lpad init

Please supply the following configuration values
(press Enter if you want to accept the defaults)

Enter host parameter. (default: localhost). Example: 'localhost' or 'mongodb+srv://CLUSTERNAME.mongodb.net': mongodb07.nersc.gov
Enter port parameter. (default: 27017). : 
Enter name parameter. (default: fireworks). Database under which to store the fireworks collections: my_db
Enter username parameter. (default: None). Username for MongoDB authentication: my_db_admin
Enter password parameter. (default: None). Password for MongoDB authentication: my_password
Enter ssl_ca_file parameter. (default: None). Path to any client certificate to be used for Mongodb connection: 
Enter authsource parameter. (default: None). Database used for authentication, if not connection db. e.g., for MongoDB Atlas this is sometimes 'admin'.: 

Configuration written to my_launchpad.yaml!

This information will go into a file named "my_launchpad.yaml". This file should be located in the directory where you are issuing FireWorks commands. Note that since our $HOME filesystem is shared, this same launchpad file will be used on both Cori and Perlmutter.

Basic example

Below is an example of how to use FireWorks at NERSC. This is based heavily on the Fireworks tutorial which you will find at the Materials Project website.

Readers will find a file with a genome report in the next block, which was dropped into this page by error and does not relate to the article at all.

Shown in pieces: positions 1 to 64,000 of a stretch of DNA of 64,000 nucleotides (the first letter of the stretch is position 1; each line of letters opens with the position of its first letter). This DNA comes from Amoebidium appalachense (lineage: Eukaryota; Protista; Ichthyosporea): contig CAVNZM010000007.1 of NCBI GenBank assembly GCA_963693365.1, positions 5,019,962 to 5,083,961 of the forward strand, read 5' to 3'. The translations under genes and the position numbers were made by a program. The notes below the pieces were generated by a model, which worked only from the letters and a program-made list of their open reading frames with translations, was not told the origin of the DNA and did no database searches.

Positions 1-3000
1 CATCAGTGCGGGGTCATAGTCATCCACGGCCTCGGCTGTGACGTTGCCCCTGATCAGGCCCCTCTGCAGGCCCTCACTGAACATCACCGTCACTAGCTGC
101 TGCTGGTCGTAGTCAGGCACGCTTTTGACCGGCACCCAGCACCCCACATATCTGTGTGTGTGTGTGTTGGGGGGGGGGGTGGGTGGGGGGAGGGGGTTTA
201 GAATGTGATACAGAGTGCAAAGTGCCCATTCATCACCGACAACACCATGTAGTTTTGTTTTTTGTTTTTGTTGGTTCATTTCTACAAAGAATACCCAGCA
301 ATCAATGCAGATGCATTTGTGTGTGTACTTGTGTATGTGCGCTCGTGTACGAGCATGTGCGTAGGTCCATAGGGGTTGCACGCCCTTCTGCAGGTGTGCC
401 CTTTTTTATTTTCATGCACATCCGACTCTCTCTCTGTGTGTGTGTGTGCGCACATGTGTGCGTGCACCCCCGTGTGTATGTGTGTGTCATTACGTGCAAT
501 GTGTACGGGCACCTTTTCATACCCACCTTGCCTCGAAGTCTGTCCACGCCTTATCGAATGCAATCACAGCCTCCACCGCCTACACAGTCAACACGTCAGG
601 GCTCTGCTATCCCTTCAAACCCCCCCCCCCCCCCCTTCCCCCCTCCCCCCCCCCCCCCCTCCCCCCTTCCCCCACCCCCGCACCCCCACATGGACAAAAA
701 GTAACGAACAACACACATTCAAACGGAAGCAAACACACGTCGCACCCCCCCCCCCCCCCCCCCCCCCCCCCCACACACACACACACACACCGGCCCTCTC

spec:
  _tasks:
  - _fw_name: ScriptTask
    script: echo "howdy, your job launched successfully!" >> howdy.txt

Here all we do is write a file called howdy.txt, but in your real workload you can substitute in the name of your script.

Singleshot example

Now let's add our fw_test.yaml to the launchpad and run it:

lpad add fw_test.yaml
rlaunch singleshot

The output should look like:

(fireworks) elvis@cori10:~/fw_test> rlaunch singleshot
2021-02-24 19:57:04,135 INFO Hostname/IP lookup (this will take a few seconds)
2021-02-24 19:57:04,136 INFO Launching Rocket
2021-02-24 19:57:04,223 INFO RUNNING fw_id: 1 in directory: /global/u1/s/elvis/fw_test
2021-02-24 19:57:04,232 INFO Task started: ScriptTask.
2021-02-24 19:57:04,240 INFO Task completed: ScriptTask 
2021-02-24 19:57:04,257 INFO Rocket finished
Rapidfire example

One task isn't very interesting. Let's try again with two tasks:

lpad add fw_test.yaml
lpad add fw_test.yaml

Note: adding the FireTask again will result in a second, identical job. Now let's run in rapidfire mode instead of singleshot mode:

rlaunch rapidfire

In this mode, FireWorks will launch tasks until it runs out. The output data (output files and job status) is given in launcher_* directories.

The output should look like:

(fireworks) elvis@cori07:~> rlaunch rapidfire
2021-02-22 13:18:26,274 INFO Hostname/IP lookup (this will take a few seconds)
2021-02-22 13:18:26,351 INFO Created new dir /global/u1/s/elvis/launcher_2021-02-22-21-18-26-349075
2021-02-22 13:18:26,351 INFO Launching Rocket
2021-02-22 13:18:26,370 INFO RUNNING fw_id: 2 in directory: /global/u1/s/elvis/launcher_2021-02-22-21-18-26-349075
2021-02-22 13:18:26,378 INFO Task started: ScriptTask.
2021-02-22 13:18:26,385 INFO Task completed: ScriptTask